Yunasoft’s new productivity/utility entry in the iTunes App Store, Awesome Calendar, boasts big about its capabilities. As well it should. After all, one of the first things smartphones were supposed to do, and do well, was help us balance busy schedules. Time management apps have to go the extra mile to impress us, and the all-in-one tool Awesome Calendar looks like it might just outpace the competition.
Feature set meets interface is the name of the game when multifunctional is the main requirement, and Awesome Calendar does a beautiful job of marrying the two. Its calendar, notepad, and to-do list modules work in concert to bring users lives into productive harmony. Each of these aspects feature some extra functionality to make them shine, with Awesome Calendar’s superior design balancing form and function along the way… While the individual functions that the iPhone is capable of carrying out to help us balance busy schedules are impressive, UI can make or break the user experience, no matter how many of those fantastic features are combined in one app. Awesome Calendar’s user interface does a great job paving the way for users to actually utilize each and every one of its functions quickly and conveniently. Not to mention, it looks good while it gets the job done.
Awesome Calendar is sleek and spare, without once giving the impression of being minimalistic, because its UI aims for unobtrusive. Intuitive swipes and taps make navigation a breeze, while additional gestures can fine tune the user’s efficiency. And, be still my heart, this app actually includes a user manual. No doubt many functionally impressive apps get dismissed because they don’t. It’s simple common sense, but something that seems to get left out more often than not.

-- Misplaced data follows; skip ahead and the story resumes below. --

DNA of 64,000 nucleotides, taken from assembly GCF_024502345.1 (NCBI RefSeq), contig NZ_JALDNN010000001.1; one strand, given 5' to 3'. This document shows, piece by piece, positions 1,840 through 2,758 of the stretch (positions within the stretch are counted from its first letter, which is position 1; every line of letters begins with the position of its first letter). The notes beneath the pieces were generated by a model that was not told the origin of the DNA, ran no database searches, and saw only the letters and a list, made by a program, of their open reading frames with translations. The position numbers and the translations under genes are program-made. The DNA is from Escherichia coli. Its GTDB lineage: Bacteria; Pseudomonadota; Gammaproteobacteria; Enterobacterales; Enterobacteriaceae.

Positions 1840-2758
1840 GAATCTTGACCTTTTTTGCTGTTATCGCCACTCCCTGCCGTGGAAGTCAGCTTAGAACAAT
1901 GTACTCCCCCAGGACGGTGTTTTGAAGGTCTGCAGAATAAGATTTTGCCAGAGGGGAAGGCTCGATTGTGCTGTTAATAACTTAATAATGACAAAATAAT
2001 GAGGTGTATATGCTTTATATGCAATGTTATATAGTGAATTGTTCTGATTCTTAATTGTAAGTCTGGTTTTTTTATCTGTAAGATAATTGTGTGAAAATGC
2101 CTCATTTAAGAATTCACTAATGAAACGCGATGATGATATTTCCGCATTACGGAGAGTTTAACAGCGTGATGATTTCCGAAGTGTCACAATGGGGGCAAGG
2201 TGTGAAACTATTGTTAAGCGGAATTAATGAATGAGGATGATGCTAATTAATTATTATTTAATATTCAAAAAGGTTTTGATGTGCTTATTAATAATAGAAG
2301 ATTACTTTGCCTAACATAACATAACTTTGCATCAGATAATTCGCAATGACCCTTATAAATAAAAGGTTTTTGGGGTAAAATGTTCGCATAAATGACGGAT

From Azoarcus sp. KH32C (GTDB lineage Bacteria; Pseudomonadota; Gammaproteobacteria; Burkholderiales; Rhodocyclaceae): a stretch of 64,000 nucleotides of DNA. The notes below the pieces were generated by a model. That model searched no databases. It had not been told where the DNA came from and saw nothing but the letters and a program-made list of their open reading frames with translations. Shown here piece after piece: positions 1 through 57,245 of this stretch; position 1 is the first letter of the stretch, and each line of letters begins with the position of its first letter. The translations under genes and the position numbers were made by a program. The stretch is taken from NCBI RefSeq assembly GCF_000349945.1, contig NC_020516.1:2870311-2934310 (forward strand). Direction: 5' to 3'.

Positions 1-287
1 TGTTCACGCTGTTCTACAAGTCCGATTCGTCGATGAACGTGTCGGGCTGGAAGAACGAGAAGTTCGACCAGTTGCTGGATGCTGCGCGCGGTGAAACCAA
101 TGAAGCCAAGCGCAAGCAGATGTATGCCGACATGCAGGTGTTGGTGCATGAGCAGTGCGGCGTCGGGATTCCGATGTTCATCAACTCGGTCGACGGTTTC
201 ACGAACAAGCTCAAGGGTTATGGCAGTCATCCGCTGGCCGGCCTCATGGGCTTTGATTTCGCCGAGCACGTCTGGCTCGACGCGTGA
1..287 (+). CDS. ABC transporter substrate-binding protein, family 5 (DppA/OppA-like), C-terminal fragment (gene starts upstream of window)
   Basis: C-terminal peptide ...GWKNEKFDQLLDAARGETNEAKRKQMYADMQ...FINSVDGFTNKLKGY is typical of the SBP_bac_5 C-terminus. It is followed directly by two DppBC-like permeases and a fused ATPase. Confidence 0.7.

Awesome Calendar is multi functional in the best sense of the word: not only does it have a menu of fantastic features, but accessing and using them is easy, fun, and convenient. The devs behind this app have focused on the fact that for an all-in-one tool to actually work, users need to feel comfortable using all of it. And what kind of goodies have they packed into this appealing interface? Well, all kinds.
The notepad, for example, includes integrating photos with the notes. Now, if you’re thinking you don’t have much use for that, hang on. The truly awesome part about that is that if you find it necessary for some reason to write down a physical note on paper, adding it to your main time management later without typing it out again is simple.
The to-do list links to the calendar, and displays its percentage completed on the due date. Working on a month long project? Making sure you’re on track by glancing at your calendar is easy.
The calendar function is the jewel in Awesome Calendar’s crown. Calendar sync with Google calendar, a holiday calendar layover that allows you to choose from 35 different countries for your special days, and multi calendar management that makes integrating your online calendar, school calendar, work schedule — whatever — brings everything together gorgeously.
And speaking of gorgeous, Awesome Calendar’s looks are as impressive as its performance. Clean, crisp design that speaks to professionalism while giving users some functional fun in the form of adorable virtual stickers makes even the most hectic schedule a pleasure to keep up with. Awesome Calendar can’t do much about your boss’s slave driver personality but it can help you keep your cool under pressure though.
Many features packed into 1 app
Syncing with Google Calendar was hard to figure out
Apple’s dedication to secrecy is the stuff of legends. We’ve heard a number of stories regarding the elaborate measures the company takes to ensure that unannounced products and other projects never make it outside its walls.
So as you can imagine, photographs inside Apple’s headquarters are fairly rare. But the folks over at Apple Gazette have put together an extensive gallery of pictures taken inside the building, so we thought we’d share a few of them…
Once you enter Apple’s headquarters, you pass by a large reception desk — where most folks are asked to put away their cameras. But just beyond that, is the building’s atrium. Outfitted with tables, couches, and apparently iPad signage, this is one of the most popular places to hang out at Apple.
Venturing down any one of Apple’s many corridors might look like this: glass walls and wooden floors. But don’t get too excited, chances are if you’re allowed in the area, there’s nothing awesome going on. It’s well known that Apple’s R&D and design labs are accessible by only a handful of people.
This, obviously, is one of the recreation rooms on Apple’s Cupertino campus. When they’re not working on the next iPad or iteration of iOS, Apple employees can come here to play ping pong, foosball, or just relax.